Most indispensable players: Minnesota

Let's resume our series looking at the most indispensable players on each Big Ten squad entering the 2012 season. Once again, this is not necessarily a listing of the best players on each team, but ones whose absence would be toughest to absorb because of their particular value or a lack of depth behind them.

We're selecting two players from each Big Ten squad, usually one on offense and one on defense, but not always. Up next, the Minnesota Golden Gophers.

MarQueis Gray, QB, Sr.

While the Philip Nelson prophecy grew this spring, the fact remains that Gray is the team's only proven weapon on offense. He carried the unit at times in 2011, setting a team record for quarterback rushing with 996 yards and adding 1,495 yards through the air. While there's no doubt Gray must make significant upgrades in the passing game, he should be more comfortable in his second year in Matt Limegrover's system. Minnesota lacks proven playmakers around No. 5, and the idea of a Gophers offense without Gray on the field is extremely daunting. Gray can make a lot happen on the ground, as he showed with consecutive 160-yard rushing performances to finish the 2011 season. And he has shown glimpses as a passer, like a 295-yard effort at Michigan State. Consistency is the key with him, but Minnesota needs to keep Gray upright and healthy this fall.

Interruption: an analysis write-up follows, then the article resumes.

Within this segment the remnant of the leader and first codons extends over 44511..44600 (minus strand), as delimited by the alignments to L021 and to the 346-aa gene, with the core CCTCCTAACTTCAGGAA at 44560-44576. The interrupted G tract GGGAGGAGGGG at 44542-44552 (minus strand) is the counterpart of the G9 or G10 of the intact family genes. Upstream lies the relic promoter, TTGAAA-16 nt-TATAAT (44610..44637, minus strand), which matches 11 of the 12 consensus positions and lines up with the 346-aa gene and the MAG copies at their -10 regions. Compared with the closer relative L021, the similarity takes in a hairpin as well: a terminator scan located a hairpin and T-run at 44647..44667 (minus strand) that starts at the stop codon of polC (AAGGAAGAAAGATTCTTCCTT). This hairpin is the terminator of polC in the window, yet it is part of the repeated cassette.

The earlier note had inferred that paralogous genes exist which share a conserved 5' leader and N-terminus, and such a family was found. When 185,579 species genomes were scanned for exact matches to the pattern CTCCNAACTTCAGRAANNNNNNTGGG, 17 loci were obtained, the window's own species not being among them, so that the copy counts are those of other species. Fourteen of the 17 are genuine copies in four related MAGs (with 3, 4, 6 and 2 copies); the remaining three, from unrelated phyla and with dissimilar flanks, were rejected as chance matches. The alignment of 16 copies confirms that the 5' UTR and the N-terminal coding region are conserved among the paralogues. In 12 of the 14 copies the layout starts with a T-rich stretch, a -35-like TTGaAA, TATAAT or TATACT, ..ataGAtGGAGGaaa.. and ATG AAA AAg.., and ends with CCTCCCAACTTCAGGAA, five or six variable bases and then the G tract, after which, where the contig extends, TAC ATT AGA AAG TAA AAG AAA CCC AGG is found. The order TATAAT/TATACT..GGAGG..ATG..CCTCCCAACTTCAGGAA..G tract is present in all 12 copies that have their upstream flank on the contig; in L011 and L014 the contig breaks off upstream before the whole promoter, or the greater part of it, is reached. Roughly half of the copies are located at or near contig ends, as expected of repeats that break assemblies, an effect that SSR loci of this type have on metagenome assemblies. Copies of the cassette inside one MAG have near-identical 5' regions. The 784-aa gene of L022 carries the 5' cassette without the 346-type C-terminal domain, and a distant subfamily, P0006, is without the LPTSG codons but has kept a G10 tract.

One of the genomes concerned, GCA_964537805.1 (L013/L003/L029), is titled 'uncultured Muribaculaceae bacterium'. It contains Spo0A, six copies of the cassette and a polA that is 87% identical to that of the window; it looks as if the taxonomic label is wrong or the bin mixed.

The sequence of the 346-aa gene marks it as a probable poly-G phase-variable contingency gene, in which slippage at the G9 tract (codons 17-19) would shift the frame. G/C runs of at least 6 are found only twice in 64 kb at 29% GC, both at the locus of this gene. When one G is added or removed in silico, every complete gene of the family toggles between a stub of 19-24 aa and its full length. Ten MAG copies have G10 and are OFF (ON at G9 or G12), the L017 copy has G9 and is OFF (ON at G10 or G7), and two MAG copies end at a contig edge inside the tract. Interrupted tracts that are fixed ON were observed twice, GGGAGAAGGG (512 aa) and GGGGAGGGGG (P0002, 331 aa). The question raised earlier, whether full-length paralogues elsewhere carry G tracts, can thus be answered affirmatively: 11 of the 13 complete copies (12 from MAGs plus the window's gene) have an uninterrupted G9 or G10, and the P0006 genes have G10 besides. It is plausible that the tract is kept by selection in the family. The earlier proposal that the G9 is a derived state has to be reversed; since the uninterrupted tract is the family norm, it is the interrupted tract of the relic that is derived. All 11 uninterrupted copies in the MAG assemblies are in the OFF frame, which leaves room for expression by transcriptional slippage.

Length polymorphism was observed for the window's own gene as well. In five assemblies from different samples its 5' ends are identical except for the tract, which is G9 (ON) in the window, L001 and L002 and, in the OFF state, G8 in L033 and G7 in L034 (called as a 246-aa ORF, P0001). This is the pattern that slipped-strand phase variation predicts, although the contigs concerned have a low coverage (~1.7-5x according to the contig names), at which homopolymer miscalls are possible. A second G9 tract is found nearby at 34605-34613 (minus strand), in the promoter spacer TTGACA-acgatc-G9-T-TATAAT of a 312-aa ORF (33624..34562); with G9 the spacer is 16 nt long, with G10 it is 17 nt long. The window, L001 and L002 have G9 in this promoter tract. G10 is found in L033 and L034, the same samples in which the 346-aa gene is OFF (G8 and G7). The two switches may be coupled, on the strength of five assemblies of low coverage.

Troy Stoudermire, CB/returner, Sr.

Minnesota received a huge boost when the NCAA granted Stoudermire a medical hardship waiver in January. The secondary loses its undisputed leader in safety Kim Royston, and while some experienced defensive backs like Brock Vereen return, Stoudermire's presence provides a big boost. Stoudermire recorded 24 tackles, two interceptions and three pass breakups in the first five games last fall and still led the team in interceptions at the end of the season. He's a natural playmaker who Minnesota can send against opponents' top receivers. Stoudermire also gives the Gophers a record-setting return man in the kicking game.